Smart Contact Lenses for Cancer Diagnostics and Screening

Scientists from the Terasaki Institute for Biomedical Innovation (TIBI) have developed a contact lens that can capture and detect exosomes, nanometer-sized vesicles found in bodily secretions which have the potential for being diagnostic cancer biomarkers. The lens was designed with microchambers bound to antibodies that can capture exosomes found in tears. This antibody- conjugated signaling microchamber contact lens (ABSM-CL) can be stained for detection with nanoparticle-tagged specific antibodies for selective visualization. This offers a potential platform for cancer pre-screening and a supportive diagnostic tool that is easy, rapid, sensitive, cost-effective, and non-invasive.

Exosomes are formed within most cells and secreted into many bodily fluids, such as plasma, saliva, urine, and tears. Once thought to be the dumping grounds for unwanted materials from their cells of origin, it is now known that exosomes can transport different biomolecules between cells. It has also been shown that there is a wealth of surface proteins on exosomes – some that are common to all exosomes and others that are increased in response to cancer, viral infections, or injury. In addition, exosomes derived from tumors can strongly influence tumor regulation, progression, and metastasis.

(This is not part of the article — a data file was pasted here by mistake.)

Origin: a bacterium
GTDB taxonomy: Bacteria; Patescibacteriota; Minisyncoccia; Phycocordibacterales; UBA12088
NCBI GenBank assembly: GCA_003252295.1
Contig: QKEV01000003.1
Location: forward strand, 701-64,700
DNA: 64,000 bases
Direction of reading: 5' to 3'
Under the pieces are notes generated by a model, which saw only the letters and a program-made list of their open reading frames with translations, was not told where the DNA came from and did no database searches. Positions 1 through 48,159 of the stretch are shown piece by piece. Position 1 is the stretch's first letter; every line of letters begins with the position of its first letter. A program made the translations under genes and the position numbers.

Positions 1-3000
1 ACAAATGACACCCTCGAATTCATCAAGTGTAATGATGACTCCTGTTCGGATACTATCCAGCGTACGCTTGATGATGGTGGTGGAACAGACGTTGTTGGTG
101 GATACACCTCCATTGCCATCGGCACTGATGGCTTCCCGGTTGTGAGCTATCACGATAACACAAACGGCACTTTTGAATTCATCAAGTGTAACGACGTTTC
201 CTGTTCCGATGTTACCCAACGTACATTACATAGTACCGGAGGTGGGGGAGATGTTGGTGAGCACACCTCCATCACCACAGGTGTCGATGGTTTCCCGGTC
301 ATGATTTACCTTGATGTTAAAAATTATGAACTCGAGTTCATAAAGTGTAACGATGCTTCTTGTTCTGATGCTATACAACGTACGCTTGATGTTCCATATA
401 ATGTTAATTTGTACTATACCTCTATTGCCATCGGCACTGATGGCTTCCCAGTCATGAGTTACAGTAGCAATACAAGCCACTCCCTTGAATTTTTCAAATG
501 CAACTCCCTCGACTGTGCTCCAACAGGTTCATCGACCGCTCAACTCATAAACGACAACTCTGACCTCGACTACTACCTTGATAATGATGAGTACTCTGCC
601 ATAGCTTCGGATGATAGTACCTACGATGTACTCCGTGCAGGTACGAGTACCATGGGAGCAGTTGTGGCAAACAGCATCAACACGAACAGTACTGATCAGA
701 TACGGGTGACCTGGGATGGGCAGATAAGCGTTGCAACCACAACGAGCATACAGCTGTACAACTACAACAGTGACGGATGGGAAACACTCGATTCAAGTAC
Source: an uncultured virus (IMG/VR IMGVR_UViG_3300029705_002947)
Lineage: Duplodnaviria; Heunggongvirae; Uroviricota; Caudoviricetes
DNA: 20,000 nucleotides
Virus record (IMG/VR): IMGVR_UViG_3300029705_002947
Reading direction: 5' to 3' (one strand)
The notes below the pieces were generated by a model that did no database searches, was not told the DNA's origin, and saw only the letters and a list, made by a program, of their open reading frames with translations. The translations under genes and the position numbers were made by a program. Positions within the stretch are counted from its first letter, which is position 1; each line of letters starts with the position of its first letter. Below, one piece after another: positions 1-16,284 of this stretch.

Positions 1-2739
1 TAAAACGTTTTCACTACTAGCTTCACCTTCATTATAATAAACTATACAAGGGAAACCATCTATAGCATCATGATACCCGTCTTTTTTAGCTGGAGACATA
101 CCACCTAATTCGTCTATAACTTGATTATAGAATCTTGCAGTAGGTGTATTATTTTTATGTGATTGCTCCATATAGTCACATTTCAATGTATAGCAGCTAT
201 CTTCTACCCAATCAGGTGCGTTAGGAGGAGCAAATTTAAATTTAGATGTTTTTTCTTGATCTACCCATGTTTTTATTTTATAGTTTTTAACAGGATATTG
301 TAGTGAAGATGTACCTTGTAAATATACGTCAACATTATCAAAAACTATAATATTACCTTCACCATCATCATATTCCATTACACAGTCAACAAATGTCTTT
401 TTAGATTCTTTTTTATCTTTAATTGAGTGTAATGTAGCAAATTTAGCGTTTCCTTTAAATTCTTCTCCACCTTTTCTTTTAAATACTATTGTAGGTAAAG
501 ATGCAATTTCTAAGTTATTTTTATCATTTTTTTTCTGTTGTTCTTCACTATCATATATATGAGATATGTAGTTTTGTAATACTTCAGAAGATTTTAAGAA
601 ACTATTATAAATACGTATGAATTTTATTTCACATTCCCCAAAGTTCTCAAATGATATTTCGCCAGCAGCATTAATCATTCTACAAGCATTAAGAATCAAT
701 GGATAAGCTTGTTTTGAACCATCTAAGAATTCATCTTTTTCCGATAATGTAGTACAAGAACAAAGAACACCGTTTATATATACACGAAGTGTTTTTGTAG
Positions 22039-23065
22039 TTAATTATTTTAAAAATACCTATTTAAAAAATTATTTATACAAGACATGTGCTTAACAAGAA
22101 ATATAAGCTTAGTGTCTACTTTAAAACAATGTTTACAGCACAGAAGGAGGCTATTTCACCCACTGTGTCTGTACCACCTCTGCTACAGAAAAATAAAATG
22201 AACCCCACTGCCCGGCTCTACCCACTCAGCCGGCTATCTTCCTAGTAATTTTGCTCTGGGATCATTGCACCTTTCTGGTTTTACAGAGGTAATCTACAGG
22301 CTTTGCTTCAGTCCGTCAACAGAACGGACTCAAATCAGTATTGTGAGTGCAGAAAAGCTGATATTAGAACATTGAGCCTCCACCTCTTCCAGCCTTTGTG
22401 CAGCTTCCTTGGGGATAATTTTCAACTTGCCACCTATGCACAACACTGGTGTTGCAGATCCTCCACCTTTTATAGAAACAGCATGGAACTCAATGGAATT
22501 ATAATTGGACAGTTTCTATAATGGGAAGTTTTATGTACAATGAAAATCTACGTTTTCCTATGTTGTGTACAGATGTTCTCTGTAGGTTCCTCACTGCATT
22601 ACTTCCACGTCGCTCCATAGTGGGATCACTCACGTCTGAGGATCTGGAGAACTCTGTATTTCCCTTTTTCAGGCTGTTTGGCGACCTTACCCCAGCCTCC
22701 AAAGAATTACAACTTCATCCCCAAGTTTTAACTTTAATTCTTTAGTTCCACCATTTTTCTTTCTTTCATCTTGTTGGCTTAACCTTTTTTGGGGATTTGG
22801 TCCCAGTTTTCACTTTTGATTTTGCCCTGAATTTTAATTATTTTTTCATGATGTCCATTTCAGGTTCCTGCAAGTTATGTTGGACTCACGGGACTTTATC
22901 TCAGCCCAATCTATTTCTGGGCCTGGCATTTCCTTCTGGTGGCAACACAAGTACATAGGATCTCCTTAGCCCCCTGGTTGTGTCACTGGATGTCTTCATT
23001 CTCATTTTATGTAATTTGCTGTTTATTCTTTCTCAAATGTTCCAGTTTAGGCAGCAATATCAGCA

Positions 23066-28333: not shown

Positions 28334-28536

Because of these capabilities, there has been much interest in using exosomes for cancer diagnosis and prognosis/treatment prediction. However, this has been hampered by the difficulty in isolating exosomes in sufficient quantity and purity for this purpose. Current methods involve tedious and time-consuming ultracentrifuge and density gradients, lasting at least ten hours to complete.


Contact Lens Zooms On Your Command

It is absolutely the stuff of science fiction: a contact lens that zooms on your command. But scientists at the University of California San Diego have gone ahead and made it a reality. They’ve created a contact lens, controlled by eye movements, that can zoom in if you blink twice.

How is this possible? In the simplest of terms, the scientists measured the electrooculographic signals generated when eyes make specific movements (up, down, left, right, blink, double blink) and created a soft biomimetic lens that responds directly to those electric impulses. The lens created was able to change its focal length depending on the signals generated.

Therefore the lens could literally zoom in the blink of an eye. Incredibly, the lens works regardless of whether the user can see or not. It’s not about the sight, it’s about the electricity produced by specific movements.

Why create this? Why the hell not. The researchers believe this innovation could be used in “visual prostheses, adjustable glasses, and remotely operated robotics in the future,” but I’m waiting for them to turn up on CSI Miami. Could you imagine the crimes Ice-T could solve wearing these things?